3. is a technology company solely focused on advanced diaper recycling solutions. Our technology is used within hygiene plants (Adult-Baby-Fem) to reclaim pulp & SAP from rejected products.

  4. Thanks for sharing this helpful post its very informative. All details you describe in your blog post are very informative for me and my baby

  5. It is very important to get some knowledge about reusable baby diapers as in my opinion they are better. Thank You so much for giving such good information.

  6. This has been SO helpful for me! Thank you for the video on how to properly put on a cloth diaper…Im new at it and this has been a huge blessing and encouragement!

    • I love cloth diapers. I was fortunate enough to learn about them when I nannied and now cloth diaper my daughter. We did flour sack towels and the water proof shell when she was a newborn and not we do pocket diapers with bamboo inserts. For overnight I simply add a thirties stay dry line on top and have never had a leak. To me cloth diapering just made sense since I have sensitive skin and I assumed my daughter would too plus the environmental impact severely out weight me having to do an additional load of laundry every 2 or 3 days.

  7. Hi Genevieve, and other natural mommas. What cloth diapering method, brand, or specific diaper do you recommend using while the umbilical cord stump is still attached? Do you HAVE TO have snap down ones made for that stage specifically (that are expensive and get outgrown super quick) or is there an alternative you prefer?

  8. Is bumgenius now called Alvababy?

  9. Would love to hear from the community where they have purchased gently used cloth diapers if you have gone that route!

  10. Time for the US to stop using landfills.

  11. Thank you for this article! Do you really save money using cloth diapers?

  12. I am trying to learn about cloth diapering. I understand the all in ones, and the all in twos. I have read you can get like a disposable biodegradable towel type thing to put in it, to throw poop out. My question is, if the baby pees, does the entire diaper have to be changed, or is that what the inserts are for? I’m still really confused but want to try this so much! I want to use the most practical types!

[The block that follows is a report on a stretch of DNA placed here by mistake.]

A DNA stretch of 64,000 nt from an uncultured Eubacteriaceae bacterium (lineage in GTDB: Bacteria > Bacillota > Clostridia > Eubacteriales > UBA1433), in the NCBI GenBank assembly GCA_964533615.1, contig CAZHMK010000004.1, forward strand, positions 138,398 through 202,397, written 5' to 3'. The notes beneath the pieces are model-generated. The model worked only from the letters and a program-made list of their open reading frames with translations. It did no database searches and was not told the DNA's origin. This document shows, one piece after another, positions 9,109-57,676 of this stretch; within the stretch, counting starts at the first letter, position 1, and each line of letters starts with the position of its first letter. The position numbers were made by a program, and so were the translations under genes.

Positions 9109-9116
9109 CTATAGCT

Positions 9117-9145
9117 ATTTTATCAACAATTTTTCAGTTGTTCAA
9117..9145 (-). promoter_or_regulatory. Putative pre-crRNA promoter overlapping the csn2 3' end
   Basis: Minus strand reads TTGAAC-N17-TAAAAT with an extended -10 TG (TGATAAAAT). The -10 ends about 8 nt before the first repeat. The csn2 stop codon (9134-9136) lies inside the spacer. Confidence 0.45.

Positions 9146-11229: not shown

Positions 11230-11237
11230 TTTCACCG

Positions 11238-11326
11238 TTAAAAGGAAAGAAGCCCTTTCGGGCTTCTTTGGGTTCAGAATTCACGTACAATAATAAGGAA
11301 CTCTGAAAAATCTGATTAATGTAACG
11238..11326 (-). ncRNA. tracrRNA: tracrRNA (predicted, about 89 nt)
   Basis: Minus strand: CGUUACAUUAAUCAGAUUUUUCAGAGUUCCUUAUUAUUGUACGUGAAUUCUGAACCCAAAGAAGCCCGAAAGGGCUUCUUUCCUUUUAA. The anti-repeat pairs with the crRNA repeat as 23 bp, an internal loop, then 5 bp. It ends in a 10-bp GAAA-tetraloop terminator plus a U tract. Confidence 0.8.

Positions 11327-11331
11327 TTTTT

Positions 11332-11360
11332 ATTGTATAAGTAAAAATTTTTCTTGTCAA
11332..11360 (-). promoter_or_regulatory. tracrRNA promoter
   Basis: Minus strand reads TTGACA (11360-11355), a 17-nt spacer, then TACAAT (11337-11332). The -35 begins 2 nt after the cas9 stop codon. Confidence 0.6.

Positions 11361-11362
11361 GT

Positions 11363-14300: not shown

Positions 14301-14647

• There are disposable liners that just catch poo (pee goes through), and there are also ones that absorb pee like a disposable diaper would. You can also make reusable poo liners out of fleece or flannel, which you can use to carry the poo to the toilet, and then wash with the diaper laundry. Fully disposable liners are great for travel and long days away from home, so you’re not toting heavy wet used diapers around with you. The other liners are mostly just for ease of poo disposal. Fleece liners can also be helpful in wicking moisture away from the skin. I wish I’d discovered them sooner for overnight diapering!

  13. I’m pregnant with #3 and we’ve used cloth with our first two and LOVED it. We went with prefolds and love the simplicity with washing and drying, plus the variability of folds. My husband was hesitant at first but now loudly declares that disposables are more funnels than anything else ? We started cloth diapers because of the cost savings, but have really appreciated having fewer blowouts, fewer rashes, and a bunch of other additional benefits that we had not anticipated. Thanks for the post, yay cloth diapers!

  14. Raised three babies with cloth diapers. I had 3 kids in 5 years, so lots and lots of diapers.

    So soft; so nice against baby’s skin. No allergies. No rashes.

    Because I knew I’d be saving money and having my first two very close together, I bought (or got via presents) 10 dozen diapers and 4 diaper pails. Sounds excessive I guess, but still WAY cheaper than disposables.

    A diaper pail in the baby’s room, one in the bathroom where I rinsed the poopy diapers, and two pails to switch out with those.

    It was soooo easy! Just ran a load of diapers whenever I had enough. and I lived in
    California, meant drying on the line took mere minutes.

    After they were all trained, I had these fabulous cloths that I’ve used forever.

    It was plastic pants in my day, which, honestly weren’t awful; I gather there are better options now.

    But I’d strongly urge any new mom to consider CD. Best for Baby, Best for Environment, Best for Wallet!!!

  15. Hi there,